A pâté (from French pâté; dough or mass) is a solid paste, preferably with embedded strips or pieces of, for example ham, fish or chicken liver. Pates can be served both hot and cold, but is considered to be the most tasty after a few days of cooling.
Patés are mostly made of minced fish, shellfish, meat or poultry, especially liver and blubber. The paste of one or more types of meat, fish or shellfish are mixed in the raw state with spices and eggs or other binders. A bird which is filled with pate is called a galantine. Fruit can also be baked into a pâté.
Paté is usually served cold, often with sweet and sour accessories such as cumberlands sauce and cucumber salad. It can form part of the first or main dishes or be used as sandwich topping.
Most of us come across recipes for stuffed avocado from time to time, but it is usually as appetizers stuffed with shrimp salad or similar fillings. But I must say this variant was at least new to me, I even find it a little hard to see if it is a starter or a dessert – Ted
A classic Swedish starter recipe found on koket.nu
Curing salmon and trout with dill is a Swedish speciality. It adds
a delightful freshness to the finished dish.
Butternut squash (Cucurbita moschata), sometimes known in Australia and New Zealand as butternut pumpkin or gramma, is a type of winter squash that grows on a vine. It has a sweet, nutty taste similar to that of a pumpkin. It has tan-yellow skin and orange fleshy pulp with a compartment of seeds in the bottom. When ripe, it turns increasingly deep orange, and becomes sweeter and richer. It is a good source of fiber, vitamin C, manganese, magnesium, and potassium; and it is an excellent source of vitamin A and vitamin E.
Although technically a fruit, butternut squash is used as a vegetable that can be roasted, sautéed, toasted, puréed for soups, or mashed and used in casseroles, breads, and muffins.
The most popular variety, the Waltham Butternut, originated in Waltham, Massachusetts, where it was developed at the Waltham Experiment Station by Robert E. Young. Dorothy Leggett claims that the Waltham Butternut squash was developed during the 1940s by her late husband, Charles Leggett, in Stow, Massachusetts, and then subsequently introduced by him to the researchers at the Waltham Field Station. She also claimed that name came from “smooth as butter, sweet as nut”.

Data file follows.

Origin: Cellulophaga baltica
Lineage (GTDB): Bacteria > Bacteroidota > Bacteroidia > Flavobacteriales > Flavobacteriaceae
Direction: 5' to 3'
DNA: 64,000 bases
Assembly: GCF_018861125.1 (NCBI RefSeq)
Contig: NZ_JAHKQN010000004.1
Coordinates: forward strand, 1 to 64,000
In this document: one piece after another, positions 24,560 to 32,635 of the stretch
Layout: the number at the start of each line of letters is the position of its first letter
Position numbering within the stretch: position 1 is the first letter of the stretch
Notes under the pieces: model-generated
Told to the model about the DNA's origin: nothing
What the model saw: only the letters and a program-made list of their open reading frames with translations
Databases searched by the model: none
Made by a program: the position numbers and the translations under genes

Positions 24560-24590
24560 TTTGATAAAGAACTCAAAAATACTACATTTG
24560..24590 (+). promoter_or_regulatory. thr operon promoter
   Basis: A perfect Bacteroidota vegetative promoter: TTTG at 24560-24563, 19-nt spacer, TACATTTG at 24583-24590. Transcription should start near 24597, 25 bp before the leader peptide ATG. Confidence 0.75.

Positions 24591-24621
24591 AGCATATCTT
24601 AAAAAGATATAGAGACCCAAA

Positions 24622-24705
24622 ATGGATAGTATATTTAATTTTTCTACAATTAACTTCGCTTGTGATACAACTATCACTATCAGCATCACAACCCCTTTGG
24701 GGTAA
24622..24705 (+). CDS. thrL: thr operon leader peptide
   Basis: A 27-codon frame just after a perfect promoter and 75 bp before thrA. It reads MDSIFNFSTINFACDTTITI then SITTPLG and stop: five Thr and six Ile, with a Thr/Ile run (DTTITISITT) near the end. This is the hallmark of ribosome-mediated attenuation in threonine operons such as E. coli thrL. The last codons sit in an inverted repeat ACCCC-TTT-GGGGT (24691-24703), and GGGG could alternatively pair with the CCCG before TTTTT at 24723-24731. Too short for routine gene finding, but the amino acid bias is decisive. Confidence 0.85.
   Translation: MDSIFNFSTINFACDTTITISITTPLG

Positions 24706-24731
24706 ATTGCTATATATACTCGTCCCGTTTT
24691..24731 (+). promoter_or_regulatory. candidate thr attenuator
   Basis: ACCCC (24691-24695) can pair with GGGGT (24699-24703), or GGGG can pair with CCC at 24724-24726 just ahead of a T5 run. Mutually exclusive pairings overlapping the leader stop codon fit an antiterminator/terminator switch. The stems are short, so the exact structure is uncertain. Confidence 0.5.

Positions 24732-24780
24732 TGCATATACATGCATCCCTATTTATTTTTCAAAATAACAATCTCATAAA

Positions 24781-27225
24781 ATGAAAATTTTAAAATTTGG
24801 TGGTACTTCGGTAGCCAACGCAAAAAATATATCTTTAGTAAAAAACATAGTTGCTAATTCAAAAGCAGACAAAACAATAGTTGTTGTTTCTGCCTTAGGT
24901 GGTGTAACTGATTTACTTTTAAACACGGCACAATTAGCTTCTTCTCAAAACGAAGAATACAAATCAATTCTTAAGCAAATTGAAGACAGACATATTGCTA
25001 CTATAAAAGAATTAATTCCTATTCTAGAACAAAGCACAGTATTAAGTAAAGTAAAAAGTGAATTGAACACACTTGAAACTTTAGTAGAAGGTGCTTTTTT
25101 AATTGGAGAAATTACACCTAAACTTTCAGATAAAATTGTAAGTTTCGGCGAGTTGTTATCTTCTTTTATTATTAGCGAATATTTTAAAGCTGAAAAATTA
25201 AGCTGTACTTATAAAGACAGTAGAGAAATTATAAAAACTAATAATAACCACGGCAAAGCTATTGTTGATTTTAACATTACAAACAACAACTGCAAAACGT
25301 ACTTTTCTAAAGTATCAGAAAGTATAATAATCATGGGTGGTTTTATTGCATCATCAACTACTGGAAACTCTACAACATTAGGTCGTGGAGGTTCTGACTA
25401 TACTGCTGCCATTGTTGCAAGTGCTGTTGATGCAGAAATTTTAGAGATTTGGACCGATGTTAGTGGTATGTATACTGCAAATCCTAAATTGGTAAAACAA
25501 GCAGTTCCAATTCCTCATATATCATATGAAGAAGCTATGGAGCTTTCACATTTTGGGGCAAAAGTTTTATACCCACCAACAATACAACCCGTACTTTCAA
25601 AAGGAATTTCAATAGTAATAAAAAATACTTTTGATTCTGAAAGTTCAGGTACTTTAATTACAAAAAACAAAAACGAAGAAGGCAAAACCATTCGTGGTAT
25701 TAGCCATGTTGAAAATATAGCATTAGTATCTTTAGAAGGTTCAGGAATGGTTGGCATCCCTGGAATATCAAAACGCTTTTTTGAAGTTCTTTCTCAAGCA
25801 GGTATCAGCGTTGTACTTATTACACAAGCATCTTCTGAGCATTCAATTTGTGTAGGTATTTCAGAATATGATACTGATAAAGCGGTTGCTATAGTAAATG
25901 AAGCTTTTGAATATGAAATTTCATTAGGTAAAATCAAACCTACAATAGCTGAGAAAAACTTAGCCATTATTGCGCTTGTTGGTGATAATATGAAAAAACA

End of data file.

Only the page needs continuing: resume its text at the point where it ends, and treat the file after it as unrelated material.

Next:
A classic appetizer recipe found on goodhousekeeping.co.uk
This delicious ever-popular starter has no cooking involved,
so it’s no hassle to prepare!
A rich canapé starter recipe found on koket.se
Town mayor toast with prawns toast or toast with luxurious touch of shrimp and caviar – perfect for starters!
A delicious starter recipe found on goodhousekeeping.co.uk
These succulent scallops make a great dinner party starter.
A traditional recipe from Northern Norway found on Aperitif.no
History: This recipe is originally from the Northern part of Norway and is found in many a grandmother’s handwritten cookbook. The recipe can be traced to the early nineteenth century, but it is not unlikely that it is even older.
The traditional accompaniments were flat bread and sour cream, and the fillet was placed in the basement for maturing as there were not many fridges to find in those days. Lofoten was famously for its close relations with the continent in connection with exports of stockfish and dried fish, and therefore had access to some nobler ingredients, such as port wine.
The principle of a French pâtés – a mixture of meat (or fish), herbs, lard, wine etc., cooked in a casserole dish or in a puff pastry – was launched in France as early as the Middle Ages. The best and finest pâtés comes from South West France – Perigord and Armagnac. The trick to making a pâté consists in finding good harmony and balance between taste and aroma. A good pâté will not taste significantly of just one ingredient, but should be an aromatic, indefinable whole.
These pâtés are always eaten cold, it makes the favours come together the best. A pâté should preferably be made the day before it is to be served. It can be stored for up to one week in the refrigerator and served as an appetizer, an evening meal or as sandwich spread.
A classic British potted starter recipe found on
If you love seafood you’ll really enjoy this delicious prawn starter. Potted shrimp was a favourite dish of Ian Fleming who passed on his predilection for the delicacy to his famous fictional creation James Bond. Fleming reputedly used to eat the dish at Scotts Restaurant on Mount Street in London.
A recipe from Saveur’s test kitchen found on saveur.com
Add a little “kick” to this homemade version of Little Caesar’s “Crazy Bread” by sprinkling on a little chile flake before dunking in hot marinara.
Test kitchen director Farideh Sadeghin grew up eating Little Caesar’s pizza with her family and friends, and was particularly fond of the crazy bread on the menu, thus inspiring her to make this homemade version. She loves to sprinkle it with chile flakes before dipping it in hot marinara sauce.